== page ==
(BTW: If you do wish to read THS - you should know that there are two versions: a condensed version, abbreviated for the mass market by Lewis himself, and running at about 250 pages - and the full version at about 350 pages (or indeed 544p in one most modern and expensive incarnation). The condensed version misses-out a lot of good stuff!)


Bruce Charlton said...

@KN - Thanks, typo corrected.

Wurmbrand said...

This, Lewis's kitchen sink book, is an always refreshing favorite. Let me recommend Lars Walker's Wolf Time, which is in the THS tradition and is by a great admirer of Lewis.

John Fitzgerald said...

Terrific analysis. THS is a novel of Dostoyevskyan intensity and insight - explosive, wild and fierce - packed full of prophecy and eschatology and a cracking story to boot. It bursts off the page and bristles with life. If CS Lewis was best known in the twentieth century for the Narnia stories, my sense is that he'll be best remembered for That Hideous Strength in the twenty-first.

AureliusMoner said...

Damnation is the "default" factory setting since the Fall; it is not hard to be damned, but rather, Salvation was bought at a great price and "the Kingdom of heaven suffers violence, and the violent seize it by force." Our Lord Himself said "broad is the way" which "many walk," to Hell, and "narrow the gate" to Heaven, and "few there are, that find it." The passage you give from Lewis' work is making the same point.

You seem to think that it is hard to be damned, as if man had to be brought to some sort of choice in favor of evil. But, as St. Thomas, reason and Holy Tradition all teach us, man never chooses evil per se, but all of man's evil acts are but a failed aim at the good. And that is the point Lewis is making, too: that man falls into hell because he has fixed himself upon some trivial and warped good and makes it the enemy of the perfection that, by its emotional remoteness, is less compelling to him than the paltry fancies in hand. Read "Screwtape Proposes a Toast." Contrary to your assertion that Lewis "saw clearly that Men cannot be sleepwalked into damnation," that whole work is about how this is precisely the way most modern men are damned. The Screwtape Letters speak often of how the demons' chief tactic is to distract men and minimize their attentiveness to important spiritual questions - i.e., to sleepwalk them into Hell. This is quite consonant with the Scriptural and Traditional warning that man goes to Hell easily and by default. Only a positive, deliberate, attentive resistance, empowered by grace in the man united to Christ, can possibly counteract the gravitational ease of damnation.

I only say this, because I think one is duty-bound to warn his fellow men that, contrary to your optimism, nothing in Christian Scripture or Tradition encourages us to be optimistic or satisfied on this point; indeed, the thrust is exactly contrary: damnation will easily seize us, almost without our noticing it, if we are not vigilant and energetic in our pursuit of holiness. I see more clearly each day, how the errors in Mormon theology - "we're all an happy heavenly family" - constrain Mormons to reject the hard truths of the Gospel, or at least to minimize and explain them away until they may as well be rejected. All are God's creatures. Only the regenerate are God's family. God, like all sane fathers, is not a saccharine push-over who values emotional intimacy more than principle; fathers of yore used to disown their own flesh and blood when they embraced horrific evils such as sodomy, rebellion, profligacy, etc., and that is how the Celestial Paterfamilias forever treats those who persevere in impenitence for their rejection of the ineffable patrimony lavished upon them.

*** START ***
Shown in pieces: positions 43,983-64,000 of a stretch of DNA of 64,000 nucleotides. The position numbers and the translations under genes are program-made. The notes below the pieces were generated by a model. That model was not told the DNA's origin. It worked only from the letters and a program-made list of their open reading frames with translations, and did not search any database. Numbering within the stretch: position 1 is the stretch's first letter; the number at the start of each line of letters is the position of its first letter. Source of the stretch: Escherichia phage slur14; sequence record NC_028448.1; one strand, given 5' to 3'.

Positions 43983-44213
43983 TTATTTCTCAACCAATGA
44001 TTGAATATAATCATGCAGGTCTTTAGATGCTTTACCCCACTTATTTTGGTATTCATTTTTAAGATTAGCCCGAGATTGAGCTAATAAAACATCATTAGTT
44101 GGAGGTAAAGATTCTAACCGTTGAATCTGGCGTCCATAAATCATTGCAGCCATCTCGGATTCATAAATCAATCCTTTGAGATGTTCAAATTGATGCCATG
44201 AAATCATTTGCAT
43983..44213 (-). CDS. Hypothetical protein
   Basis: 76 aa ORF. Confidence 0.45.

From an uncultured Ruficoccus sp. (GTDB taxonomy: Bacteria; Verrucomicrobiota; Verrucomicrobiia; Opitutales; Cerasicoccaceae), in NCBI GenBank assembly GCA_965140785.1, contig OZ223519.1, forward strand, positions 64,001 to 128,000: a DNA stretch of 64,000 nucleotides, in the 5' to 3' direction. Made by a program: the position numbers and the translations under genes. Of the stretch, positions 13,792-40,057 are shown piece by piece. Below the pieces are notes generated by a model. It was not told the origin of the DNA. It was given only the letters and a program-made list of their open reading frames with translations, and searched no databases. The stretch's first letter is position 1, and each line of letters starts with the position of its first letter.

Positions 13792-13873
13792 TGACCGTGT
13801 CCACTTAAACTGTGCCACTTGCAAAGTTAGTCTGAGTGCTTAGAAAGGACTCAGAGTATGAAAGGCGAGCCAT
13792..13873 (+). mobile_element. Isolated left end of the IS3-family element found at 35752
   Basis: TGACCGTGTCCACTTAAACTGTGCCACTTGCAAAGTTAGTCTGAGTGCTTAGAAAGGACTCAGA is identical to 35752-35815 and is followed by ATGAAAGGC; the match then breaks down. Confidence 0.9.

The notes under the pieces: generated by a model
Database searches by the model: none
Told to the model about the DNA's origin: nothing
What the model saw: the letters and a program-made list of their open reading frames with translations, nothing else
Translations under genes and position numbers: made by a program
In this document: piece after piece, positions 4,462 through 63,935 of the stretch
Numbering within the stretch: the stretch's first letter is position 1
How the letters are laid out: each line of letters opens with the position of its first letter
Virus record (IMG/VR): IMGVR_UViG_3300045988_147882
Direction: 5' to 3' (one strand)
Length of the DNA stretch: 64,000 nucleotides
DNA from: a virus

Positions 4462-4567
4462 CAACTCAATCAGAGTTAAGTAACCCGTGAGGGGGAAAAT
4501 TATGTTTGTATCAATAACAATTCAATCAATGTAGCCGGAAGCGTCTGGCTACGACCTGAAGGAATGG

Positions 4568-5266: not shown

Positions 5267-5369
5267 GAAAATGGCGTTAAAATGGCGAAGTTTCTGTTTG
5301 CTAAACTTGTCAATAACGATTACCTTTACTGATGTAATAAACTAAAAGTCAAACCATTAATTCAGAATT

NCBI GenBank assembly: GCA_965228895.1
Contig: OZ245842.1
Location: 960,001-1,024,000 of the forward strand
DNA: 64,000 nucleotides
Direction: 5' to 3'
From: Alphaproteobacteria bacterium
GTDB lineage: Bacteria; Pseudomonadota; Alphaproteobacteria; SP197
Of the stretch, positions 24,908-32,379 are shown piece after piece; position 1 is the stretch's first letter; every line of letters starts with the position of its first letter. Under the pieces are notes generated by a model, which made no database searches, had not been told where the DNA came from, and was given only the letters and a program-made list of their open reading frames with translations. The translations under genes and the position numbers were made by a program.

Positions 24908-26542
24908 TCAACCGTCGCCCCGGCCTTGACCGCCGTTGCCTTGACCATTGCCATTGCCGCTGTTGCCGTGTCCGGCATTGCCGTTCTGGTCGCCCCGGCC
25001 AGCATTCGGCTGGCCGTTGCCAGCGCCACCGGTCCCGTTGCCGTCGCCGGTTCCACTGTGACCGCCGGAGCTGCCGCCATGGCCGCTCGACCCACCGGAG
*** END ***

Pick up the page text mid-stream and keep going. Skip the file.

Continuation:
The New Testament stands in sharp distinction from the Old, chiefly on these two points: 1) the preaching of a supernatural charity and sanctity through grace, which surpasses the Old Law's power; 2) the clear and distinct preaching of eternal damnation and hellfire, something hardly present in Old Testament preaching. Those who only want to see the "happy" side of the New Testament, need to sober up. As St. Paul mentions in his letter to the Hebrews - as the New Testament is infinitely greater than the Old, even so is its damnation more frightful.

360 Decrees said...

Looking at this 1945 review of THS by George Orwell--

--I'd venture to guess that THS was a pivotal inspiration for Nineteen Eighty-four. But Orwell was an atheist; he imagined the hideousness raging unchecked.

Bruce Charlton said...

@AM - I am talking about the demonic perspective. Lewis's most famous theological work - and perhaps his best - is The Screwtape Letters, which is all about the *difficulties* that devils have of getting humans damned - because there are so many 'fail safe' mechanisms. Now, of course, if the human *wants* to be damned, then it is easy for the devils - but that is seldom the case.

The sleepwalking to self-chosen damnation can go a very long way - but my point is that it does not go *all* the way. And that is a major difficulty for the powers of evil.